Late last week, U.S. Senators Roger Wicker and Cindy Hyde Smith outlined their support for a bipartisan effort to lower drug costs for seniors and improve financial certainty for local independent pharmacies.
The Mississippi Senators are original cosponsors of the Phair Relief Act (S.2247), which would put a five-year moratorium on direct or indirect remuneration (DIR) or “clawback” fees imposed on local pharmacies by pharmacy benefit managers (PBMs)—all with the intent of savings being passed on to customers.
“I hear regularly from Mississippians about the high-cost of prescription drugs,” Wicker said. “The Phair Relief Act is a sensible step toward lowering out-of-pocket drug prices for Mississippi’s seniors and restoring sanity to Medicare’s pharmacy benefits program for local providers.”
“Gaming the complex prescription drug system makes it harder both for our local pharmacies and for the seniors, who rely on affordable life-saving medications. This bill would stop the clawback fee system, which is being abused in a manner that does not benefit taxpayers, Medicare beneficiaries, or small businesses,” said Hyde-Smith, who serves on the Senate Labor, Health and Human Services, and Education Appropriations Subcommittee.
The Mississippi Independent Pharmacies Association (MIPA), which represents 180 independent pharmacies in Mississippi, supports the measure.
“The Mississippi Independent Pharmacies Association greatly appreciates the help from Senators Wicker and Hyde-Smith. The Phair Relief Act will help seniors and struggling independent pharmacies in Mississippi from the unfair and harmful DIR fees,” said MIPA Executive Director Robert Hugh Dozier.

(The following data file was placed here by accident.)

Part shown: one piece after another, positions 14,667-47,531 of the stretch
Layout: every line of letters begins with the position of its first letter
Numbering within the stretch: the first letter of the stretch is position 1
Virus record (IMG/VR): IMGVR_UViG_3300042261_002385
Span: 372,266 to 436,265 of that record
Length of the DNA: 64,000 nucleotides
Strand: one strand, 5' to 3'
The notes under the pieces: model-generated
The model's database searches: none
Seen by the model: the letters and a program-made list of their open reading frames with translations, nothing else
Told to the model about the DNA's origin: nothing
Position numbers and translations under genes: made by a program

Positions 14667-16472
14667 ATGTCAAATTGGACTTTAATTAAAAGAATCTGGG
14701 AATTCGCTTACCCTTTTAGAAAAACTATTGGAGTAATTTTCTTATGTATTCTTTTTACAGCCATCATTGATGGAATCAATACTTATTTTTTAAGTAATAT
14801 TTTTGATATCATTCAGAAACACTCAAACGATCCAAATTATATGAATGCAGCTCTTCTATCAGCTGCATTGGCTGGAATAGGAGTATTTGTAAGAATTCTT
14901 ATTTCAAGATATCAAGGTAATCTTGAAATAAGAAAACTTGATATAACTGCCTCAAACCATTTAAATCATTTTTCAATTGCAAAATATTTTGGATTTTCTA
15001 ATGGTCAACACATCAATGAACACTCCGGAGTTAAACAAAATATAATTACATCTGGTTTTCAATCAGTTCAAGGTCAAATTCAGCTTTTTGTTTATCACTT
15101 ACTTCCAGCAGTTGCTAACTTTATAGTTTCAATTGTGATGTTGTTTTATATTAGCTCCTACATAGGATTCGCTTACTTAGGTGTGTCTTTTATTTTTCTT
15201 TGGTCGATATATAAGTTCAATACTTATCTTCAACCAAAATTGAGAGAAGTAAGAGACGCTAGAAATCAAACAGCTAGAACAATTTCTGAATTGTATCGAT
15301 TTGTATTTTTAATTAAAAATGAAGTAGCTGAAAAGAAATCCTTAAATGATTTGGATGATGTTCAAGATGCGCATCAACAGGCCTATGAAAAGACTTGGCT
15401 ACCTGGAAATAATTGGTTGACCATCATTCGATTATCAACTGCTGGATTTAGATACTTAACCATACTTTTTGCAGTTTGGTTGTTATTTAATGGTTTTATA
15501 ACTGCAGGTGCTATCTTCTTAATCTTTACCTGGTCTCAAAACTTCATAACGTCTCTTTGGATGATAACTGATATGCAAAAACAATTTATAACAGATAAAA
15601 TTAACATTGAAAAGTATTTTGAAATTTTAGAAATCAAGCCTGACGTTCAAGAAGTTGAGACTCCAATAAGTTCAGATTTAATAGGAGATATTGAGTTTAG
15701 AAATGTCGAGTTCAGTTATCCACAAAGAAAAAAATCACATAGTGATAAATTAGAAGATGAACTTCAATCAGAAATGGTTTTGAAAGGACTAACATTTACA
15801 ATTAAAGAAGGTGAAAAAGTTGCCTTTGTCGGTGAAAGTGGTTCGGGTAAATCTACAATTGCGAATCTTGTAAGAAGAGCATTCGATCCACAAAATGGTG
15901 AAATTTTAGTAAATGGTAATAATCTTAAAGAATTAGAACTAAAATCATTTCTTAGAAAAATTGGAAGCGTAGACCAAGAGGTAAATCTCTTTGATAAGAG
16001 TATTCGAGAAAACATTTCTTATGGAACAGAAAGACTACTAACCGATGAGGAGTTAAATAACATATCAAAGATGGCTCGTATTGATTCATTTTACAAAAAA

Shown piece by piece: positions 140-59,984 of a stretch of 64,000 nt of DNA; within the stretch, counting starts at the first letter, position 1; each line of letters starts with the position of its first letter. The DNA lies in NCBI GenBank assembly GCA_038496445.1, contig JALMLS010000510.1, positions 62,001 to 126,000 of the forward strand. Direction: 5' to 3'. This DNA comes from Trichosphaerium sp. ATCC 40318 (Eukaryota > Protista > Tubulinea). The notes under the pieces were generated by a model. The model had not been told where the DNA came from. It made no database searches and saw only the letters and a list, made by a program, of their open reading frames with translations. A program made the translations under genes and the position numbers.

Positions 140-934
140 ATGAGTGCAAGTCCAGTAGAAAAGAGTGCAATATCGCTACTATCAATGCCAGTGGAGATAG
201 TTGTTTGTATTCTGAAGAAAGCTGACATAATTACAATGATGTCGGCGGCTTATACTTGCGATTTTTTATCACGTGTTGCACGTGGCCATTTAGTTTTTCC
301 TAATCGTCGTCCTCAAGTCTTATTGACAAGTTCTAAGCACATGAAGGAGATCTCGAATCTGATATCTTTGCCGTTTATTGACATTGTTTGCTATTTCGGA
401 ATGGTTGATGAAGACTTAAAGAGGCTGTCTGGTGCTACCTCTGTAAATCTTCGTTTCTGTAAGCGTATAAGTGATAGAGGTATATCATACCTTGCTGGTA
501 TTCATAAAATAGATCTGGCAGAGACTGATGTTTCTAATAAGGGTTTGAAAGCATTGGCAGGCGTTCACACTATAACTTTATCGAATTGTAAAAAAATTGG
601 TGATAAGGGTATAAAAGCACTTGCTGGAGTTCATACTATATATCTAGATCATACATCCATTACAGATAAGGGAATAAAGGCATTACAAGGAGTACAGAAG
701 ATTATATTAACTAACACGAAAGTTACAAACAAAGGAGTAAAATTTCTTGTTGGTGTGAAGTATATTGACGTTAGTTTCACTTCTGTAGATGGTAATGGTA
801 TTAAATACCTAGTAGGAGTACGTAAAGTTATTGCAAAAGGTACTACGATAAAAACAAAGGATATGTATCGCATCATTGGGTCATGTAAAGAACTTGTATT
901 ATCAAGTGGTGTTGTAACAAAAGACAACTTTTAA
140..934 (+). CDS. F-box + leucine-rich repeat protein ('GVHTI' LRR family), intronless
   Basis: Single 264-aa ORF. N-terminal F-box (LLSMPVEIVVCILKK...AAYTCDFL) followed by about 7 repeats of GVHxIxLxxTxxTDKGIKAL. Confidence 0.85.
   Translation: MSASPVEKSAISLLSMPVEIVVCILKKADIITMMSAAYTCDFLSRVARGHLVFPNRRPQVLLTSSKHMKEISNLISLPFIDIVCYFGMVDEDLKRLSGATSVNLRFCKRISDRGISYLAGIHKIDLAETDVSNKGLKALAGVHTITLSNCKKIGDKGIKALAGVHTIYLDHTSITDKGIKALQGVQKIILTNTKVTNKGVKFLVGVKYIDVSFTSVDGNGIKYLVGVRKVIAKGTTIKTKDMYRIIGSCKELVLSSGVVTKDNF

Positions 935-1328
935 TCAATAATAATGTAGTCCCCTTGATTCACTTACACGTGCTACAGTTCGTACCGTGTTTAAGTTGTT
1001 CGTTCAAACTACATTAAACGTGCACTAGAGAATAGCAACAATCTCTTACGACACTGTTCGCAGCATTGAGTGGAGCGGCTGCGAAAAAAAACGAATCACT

DIR fees, often imposed randomly and retroactively, create financial challenges for local pharmacies and increase out-of-pocket costs for prescription medications for Medicare Part D beneficiaries. The Centers for Medicare and Medicaid Services estimated last fall that a similar proposal to require PBMs to account for these retroactive DIR fees at the point of sale would save seniors between $7.1 billion and $9.2 billion over 10 years on out-of-pocket drug costs.
In providing greater transparency of discounts provided by drug manufacturers and establishing pharmacy-negotiated price concessions, the bipartisan legislation would offer local pharmacies greater financial certainty. Unpredictable DIR clawbacks not only cost patients but also make business operations for small-town local independent pharmacies difficult.
U.S. Senator John Kennedy (R-La.) introduced S.2247 with these additional original cosponsors: Jon Tester (D-Mont.), Bill Cassidy, M.D. (R-La.), Shelley Moore Capito (R-W.Va.), Sherrod Brown (D-Ohio), James Lankford (R-Okla.), Steve Daines (R-Mont.), Joe Manchin (D-W.Va.),and Kevin Cramer (R-N.D.).
The bill has been referred to the Senate Finance Committee, which has been working on legislation to address the problem of escalating prescription drug prices.